1. Trump's character and America's recent political climate are familiar to people who have lived in or studied authoritarian states. Russia is using the same tactics on us that they've used, and continue to use, in Europe.

    1. Karoli Kuns lists things we need to do:

      • forensic investigation of voting machines
      • full accounting for any breaches of voter databases
      • investigation of RNC hacks
      • investigation of Paul Manafort
      • testimony from Roger Stone
      • testimony from James Comey
      • testimony from Mitch McConnell
    1. Trump is trying to prohibit protest.

      That’s because the National Park Service, on behalf of the Presidential Inauguration Committee, filed documents securing large swaths of the national mall and Pennsylvania Avenue, the Washington Monument and the Lincoln Memorial for the inauguration festivities. None of these spots will be open for protesters.

      The NPS filed a “massive omnibus blocking permit” for many of Washington DC’s most famous political locations for days and weeks before and after the inauguration on 20 January,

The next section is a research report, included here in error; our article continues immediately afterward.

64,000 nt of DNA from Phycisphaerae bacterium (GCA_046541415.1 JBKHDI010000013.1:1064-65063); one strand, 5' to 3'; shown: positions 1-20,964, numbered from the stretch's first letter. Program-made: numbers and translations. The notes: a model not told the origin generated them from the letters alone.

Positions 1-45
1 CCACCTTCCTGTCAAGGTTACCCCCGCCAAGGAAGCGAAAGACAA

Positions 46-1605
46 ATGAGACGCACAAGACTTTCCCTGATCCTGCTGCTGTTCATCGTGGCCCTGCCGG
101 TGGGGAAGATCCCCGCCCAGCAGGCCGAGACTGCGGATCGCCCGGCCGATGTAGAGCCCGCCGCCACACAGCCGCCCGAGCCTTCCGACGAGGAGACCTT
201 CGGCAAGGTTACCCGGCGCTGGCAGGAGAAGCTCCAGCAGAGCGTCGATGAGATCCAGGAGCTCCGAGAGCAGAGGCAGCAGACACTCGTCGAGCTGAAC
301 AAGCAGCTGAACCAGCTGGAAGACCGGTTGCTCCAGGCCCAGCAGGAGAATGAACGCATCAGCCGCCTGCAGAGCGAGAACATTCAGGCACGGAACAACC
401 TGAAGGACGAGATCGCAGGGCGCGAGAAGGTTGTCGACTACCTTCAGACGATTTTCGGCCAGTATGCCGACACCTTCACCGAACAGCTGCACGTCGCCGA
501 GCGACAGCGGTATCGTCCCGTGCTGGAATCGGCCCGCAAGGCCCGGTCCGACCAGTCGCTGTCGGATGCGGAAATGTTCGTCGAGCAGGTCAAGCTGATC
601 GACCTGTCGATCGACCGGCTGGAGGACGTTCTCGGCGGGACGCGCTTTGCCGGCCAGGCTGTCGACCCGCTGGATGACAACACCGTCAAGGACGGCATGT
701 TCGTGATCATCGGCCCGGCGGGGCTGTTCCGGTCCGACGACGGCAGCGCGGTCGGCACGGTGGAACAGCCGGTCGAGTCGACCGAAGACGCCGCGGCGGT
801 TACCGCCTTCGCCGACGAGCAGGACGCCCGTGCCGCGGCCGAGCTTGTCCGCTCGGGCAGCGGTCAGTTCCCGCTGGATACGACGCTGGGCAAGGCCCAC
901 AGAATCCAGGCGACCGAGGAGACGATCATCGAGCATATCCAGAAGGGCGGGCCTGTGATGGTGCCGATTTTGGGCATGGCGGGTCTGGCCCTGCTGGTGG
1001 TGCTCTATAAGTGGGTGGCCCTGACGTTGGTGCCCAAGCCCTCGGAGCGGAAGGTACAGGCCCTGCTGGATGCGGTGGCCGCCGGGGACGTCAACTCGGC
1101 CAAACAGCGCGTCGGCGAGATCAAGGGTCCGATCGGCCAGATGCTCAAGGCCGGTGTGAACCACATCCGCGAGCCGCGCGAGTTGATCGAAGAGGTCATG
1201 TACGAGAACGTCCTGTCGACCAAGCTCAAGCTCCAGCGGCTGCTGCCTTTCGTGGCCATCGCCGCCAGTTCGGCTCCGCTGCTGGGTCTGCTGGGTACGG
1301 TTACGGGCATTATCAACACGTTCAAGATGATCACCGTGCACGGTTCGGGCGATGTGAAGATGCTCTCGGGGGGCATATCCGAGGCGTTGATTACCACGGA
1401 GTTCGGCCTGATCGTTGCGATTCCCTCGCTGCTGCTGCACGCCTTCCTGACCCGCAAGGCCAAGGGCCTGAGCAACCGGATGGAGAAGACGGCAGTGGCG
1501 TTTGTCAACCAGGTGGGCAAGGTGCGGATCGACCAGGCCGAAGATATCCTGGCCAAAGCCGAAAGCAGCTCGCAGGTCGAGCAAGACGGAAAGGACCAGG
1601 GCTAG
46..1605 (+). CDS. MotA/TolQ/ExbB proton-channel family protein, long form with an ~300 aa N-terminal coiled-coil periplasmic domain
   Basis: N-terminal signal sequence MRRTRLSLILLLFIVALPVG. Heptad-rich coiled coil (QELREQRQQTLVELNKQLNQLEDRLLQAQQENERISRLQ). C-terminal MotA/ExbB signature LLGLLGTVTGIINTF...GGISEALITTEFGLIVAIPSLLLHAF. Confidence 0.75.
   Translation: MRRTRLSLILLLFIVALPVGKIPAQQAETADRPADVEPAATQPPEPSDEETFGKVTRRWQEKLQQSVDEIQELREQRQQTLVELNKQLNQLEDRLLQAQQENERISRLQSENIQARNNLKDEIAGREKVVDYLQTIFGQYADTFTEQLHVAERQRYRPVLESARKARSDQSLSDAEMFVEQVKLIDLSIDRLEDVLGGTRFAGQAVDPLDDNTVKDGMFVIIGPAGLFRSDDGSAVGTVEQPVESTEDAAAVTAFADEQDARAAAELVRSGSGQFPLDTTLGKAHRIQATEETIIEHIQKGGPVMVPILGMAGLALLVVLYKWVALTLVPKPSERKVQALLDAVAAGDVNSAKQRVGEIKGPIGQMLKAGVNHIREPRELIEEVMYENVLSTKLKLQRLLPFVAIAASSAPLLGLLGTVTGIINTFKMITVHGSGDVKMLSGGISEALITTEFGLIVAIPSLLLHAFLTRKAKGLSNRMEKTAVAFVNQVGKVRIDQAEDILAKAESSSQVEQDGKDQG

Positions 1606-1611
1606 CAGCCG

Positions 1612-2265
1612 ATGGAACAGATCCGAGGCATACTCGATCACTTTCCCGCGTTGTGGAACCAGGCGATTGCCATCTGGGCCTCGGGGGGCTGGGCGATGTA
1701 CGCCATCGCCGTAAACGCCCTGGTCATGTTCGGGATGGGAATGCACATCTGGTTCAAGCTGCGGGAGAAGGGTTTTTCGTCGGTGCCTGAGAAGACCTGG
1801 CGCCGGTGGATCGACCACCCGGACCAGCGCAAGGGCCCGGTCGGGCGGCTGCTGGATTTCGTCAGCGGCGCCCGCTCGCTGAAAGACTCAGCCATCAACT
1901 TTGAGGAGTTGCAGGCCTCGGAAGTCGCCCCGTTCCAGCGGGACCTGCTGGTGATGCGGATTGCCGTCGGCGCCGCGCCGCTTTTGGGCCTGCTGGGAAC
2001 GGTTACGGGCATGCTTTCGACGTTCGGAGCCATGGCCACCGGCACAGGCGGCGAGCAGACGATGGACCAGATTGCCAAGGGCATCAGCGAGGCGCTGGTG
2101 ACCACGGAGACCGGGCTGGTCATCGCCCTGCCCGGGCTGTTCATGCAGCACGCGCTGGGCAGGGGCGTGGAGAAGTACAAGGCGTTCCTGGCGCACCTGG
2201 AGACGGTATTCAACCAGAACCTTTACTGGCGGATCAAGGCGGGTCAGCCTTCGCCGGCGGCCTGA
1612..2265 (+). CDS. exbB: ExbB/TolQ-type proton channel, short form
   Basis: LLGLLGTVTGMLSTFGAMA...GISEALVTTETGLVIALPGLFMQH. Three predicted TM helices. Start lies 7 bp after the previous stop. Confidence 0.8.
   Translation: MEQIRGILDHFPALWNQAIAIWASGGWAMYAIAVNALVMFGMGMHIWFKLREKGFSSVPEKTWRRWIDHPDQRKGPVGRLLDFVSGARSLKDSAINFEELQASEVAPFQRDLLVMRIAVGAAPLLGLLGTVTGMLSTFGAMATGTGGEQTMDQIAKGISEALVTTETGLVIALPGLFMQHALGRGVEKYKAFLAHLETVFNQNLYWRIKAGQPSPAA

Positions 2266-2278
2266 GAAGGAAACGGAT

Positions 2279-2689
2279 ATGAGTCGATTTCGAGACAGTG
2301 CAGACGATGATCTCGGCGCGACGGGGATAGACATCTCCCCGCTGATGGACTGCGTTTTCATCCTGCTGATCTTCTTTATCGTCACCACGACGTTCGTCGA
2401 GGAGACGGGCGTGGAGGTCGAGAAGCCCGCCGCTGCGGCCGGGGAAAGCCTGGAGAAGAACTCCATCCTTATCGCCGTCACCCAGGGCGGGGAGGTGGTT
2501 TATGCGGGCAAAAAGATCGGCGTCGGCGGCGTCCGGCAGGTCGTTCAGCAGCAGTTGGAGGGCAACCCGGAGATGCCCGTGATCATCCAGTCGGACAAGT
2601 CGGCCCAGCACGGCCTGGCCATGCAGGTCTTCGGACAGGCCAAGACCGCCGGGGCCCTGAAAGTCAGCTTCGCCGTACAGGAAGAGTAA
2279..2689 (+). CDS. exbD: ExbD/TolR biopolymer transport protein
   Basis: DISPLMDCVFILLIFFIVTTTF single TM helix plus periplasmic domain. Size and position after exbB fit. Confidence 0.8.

1. This is particularly difficult when a simple conspiracy theory is offered as an explanation for a complex phenomenon. Sometimes the world is messy, and ― Occam’s Razor notwithstanding ― simple explanations can be a cop-out.

      Ironically, dismissal of Trump's ties to Putin strikes me as an instance of gaslighting -- while demonstrating that it's not always intentional. ("Oh, that's just a conspiracy theory." "There's no evidence of that at all." "What do you think this is, a James Bond novel?")

      There are very close ties between Trump and Putin.<br> They need to be thoroughly investigated.